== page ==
(Gary) I really enjoy driving, especially here in Utah with the amazing scenery; so, being able to combine that with helping animals has been very rewarding. Transports range from scheduled runs to spay/neuter clinics (and) pet meals on wheels to more urgent needs like surgeries and relocating animals from shelters that don’t have enough room for them. Getting these animals where they need to go is an important part of the overall process of reaching no-kill.

(Alida) The fostering program with Best Friends is very flexible and easy to get into. So far, we’ve fostered only adult cats and have been in a position where they are able to stay with us until they are adopted. That can take less than a week or sometimes many months.

Usually, the cats we’ve fostered have integrated well with the two resident cats to the point where we have had up to three foster cats in the house at once. Saying goodbye is the hardest part, but it’s made a little easier by being able to hold meet-and-greets with the potential adopters and, of course, making room for another cat to arrive.

What do you love most about volunteering?

(Gary) Some of the cats we’ve fostered have been sick or very shy. Being able to help these animals get well again or (help them) learn that people are not scary is our favorite part of volunteering. Not all cats are lap cats, but it’s especially rewarding when we get to snuggle with them.

Sarah Ause Kichas

What would you tell others who want to get involved helping animals? 

(Alida) Every little bit helps. Even if you don’t have much time or space, there are opportunities out there. In addition to fostering and transports, we’ve also done a few general cleaning shifts, (cleaned) the vans and (done) some data entry from home. Best Friends has some great resources on ways you can get involved.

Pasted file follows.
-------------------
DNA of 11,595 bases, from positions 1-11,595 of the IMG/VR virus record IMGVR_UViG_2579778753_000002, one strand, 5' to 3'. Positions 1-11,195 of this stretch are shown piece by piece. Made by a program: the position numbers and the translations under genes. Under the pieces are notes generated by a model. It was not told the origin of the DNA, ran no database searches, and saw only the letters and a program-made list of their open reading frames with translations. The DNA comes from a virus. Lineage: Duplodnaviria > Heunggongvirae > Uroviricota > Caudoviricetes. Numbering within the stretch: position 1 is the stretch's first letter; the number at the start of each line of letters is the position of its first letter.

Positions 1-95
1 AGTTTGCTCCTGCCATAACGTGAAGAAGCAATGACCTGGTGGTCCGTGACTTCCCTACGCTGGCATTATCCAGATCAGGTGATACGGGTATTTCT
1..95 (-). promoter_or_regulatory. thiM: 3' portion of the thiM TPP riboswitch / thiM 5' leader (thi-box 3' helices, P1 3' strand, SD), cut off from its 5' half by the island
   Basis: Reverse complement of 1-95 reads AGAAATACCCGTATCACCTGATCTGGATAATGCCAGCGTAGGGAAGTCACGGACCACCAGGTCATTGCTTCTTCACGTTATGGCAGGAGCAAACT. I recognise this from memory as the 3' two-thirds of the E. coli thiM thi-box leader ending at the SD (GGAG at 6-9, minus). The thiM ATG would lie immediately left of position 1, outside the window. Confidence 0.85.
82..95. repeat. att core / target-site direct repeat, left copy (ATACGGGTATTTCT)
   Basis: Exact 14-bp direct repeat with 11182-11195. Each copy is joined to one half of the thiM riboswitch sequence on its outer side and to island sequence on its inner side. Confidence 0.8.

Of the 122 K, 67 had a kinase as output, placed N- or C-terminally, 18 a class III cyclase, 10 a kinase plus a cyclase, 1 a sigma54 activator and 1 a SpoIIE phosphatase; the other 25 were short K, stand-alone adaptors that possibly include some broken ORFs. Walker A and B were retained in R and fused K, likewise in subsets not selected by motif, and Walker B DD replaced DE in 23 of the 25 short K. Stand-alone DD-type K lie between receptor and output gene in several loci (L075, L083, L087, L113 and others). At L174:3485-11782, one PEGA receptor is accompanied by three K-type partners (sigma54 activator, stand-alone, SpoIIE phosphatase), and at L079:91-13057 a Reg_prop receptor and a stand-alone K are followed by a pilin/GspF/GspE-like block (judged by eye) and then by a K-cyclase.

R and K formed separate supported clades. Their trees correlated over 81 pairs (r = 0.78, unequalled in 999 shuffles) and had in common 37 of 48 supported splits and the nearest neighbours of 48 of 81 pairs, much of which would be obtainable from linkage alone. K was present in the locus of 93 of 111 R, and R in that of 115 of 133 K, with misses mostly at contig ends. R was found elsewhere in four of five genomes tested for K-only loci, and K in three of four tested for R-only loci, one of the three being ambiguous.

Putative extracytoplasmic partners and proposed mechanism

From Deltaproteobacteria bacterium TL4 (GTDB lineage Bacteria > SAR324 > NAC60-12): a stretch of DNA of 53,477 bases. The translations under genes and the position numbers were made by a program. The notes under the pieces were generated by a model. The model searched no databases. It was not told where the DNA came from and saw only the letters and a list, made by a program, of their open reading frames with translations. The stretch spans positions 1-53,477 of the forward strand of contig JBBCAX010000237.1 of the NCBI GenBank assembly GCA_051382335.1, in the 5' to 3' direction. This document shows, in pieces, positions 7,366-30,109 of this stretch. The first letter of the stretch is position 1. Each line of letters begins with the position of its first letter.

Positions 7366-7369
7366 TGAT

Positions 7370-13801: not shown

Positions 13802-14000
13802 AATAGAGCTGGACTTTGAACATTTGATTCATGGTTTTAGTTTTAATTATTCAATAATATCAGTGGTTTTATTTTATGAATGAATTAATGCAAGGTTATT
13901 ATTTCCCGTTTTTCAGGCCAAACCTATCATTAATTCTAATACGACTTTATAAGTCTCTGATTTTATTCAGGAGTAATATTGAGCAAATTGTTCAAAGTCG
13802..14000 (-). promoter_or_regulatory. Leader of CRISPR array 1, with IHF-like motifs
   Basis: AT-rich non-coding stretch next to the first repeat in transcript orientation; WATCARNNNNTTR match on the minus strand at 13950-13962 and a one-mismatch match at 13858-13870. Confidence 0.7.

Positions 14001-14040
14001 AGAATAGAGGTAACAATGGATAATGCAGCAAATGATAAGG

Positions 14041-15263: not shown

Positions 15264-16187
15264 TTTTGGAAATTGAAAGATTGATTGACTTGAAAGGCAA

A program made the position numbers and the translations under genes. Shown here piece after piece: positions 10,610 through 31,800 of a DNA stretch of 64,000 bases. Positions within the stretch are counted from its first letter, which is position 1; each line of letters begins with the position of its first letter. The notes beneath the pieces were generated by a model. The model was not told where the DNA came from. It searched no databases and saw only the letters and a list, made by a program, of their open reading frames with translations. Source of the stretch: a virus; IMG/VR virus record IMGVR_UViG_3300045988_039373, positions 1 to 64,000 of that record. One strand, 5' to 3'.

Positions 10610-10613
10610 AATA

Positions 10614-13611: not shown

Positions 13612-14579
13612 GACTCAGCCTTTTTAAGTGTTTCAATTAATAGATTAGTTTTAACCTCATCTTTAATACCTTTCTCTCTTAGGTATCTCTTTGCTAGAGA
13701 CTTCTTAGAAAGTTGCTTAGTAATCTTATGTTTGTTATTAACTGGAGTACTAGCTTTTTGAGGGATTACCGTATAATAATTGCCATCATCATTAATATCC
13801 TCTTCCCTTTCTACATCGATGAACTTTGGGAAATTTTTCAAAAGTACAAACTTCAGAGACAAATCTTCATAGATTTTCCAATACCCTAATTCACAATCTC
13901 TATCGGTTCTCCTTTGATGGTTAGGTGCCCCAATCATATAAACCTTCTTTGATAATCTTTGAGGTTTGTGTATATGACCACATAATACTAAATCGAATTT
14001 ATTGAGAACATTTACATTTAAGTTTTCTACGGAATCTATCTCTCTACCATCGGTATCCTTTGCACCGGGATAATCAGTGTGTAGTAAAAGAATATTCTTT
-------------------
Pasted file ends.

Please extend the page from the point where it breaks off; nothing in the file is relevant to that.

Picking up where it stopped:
Tell us about one of your favorite volunteer moments.

(Gary) One of our favorite volunteer moments was a transport we did to the Sanctuary and back up to the lifesaving center in Salt Lake City. It was one of the few transports we’ve been able to do together. We were able to stay in the Best Friends Roadhouse and Mercantile and then briefly visit Dogtown at the Sanctuary to pick up our passengers. One of them was a Great Dane mix that was too large for a crate, so he rode in the back of the van and had his head on the center console the whole way home.

(Alida) He was such a sweet boy and probably would have crawled into the front seats with us if he could.

What inspires you to volunteer?

(Alida) Being able to work with animals has always been something I’ve wanted to do, so volunteering with Best Friends has been a great way to be able to do that. The staff and foster community are very supportive and knowledgeable, and it’s really encouraging to see and share stories of all the animals who’ve been saved and gone on to find their forever homes.

Sarah Ause Kichas

Volunteer to help pets

There are countless way to help pets where you live, so why not reach out to your local shelter and get involved?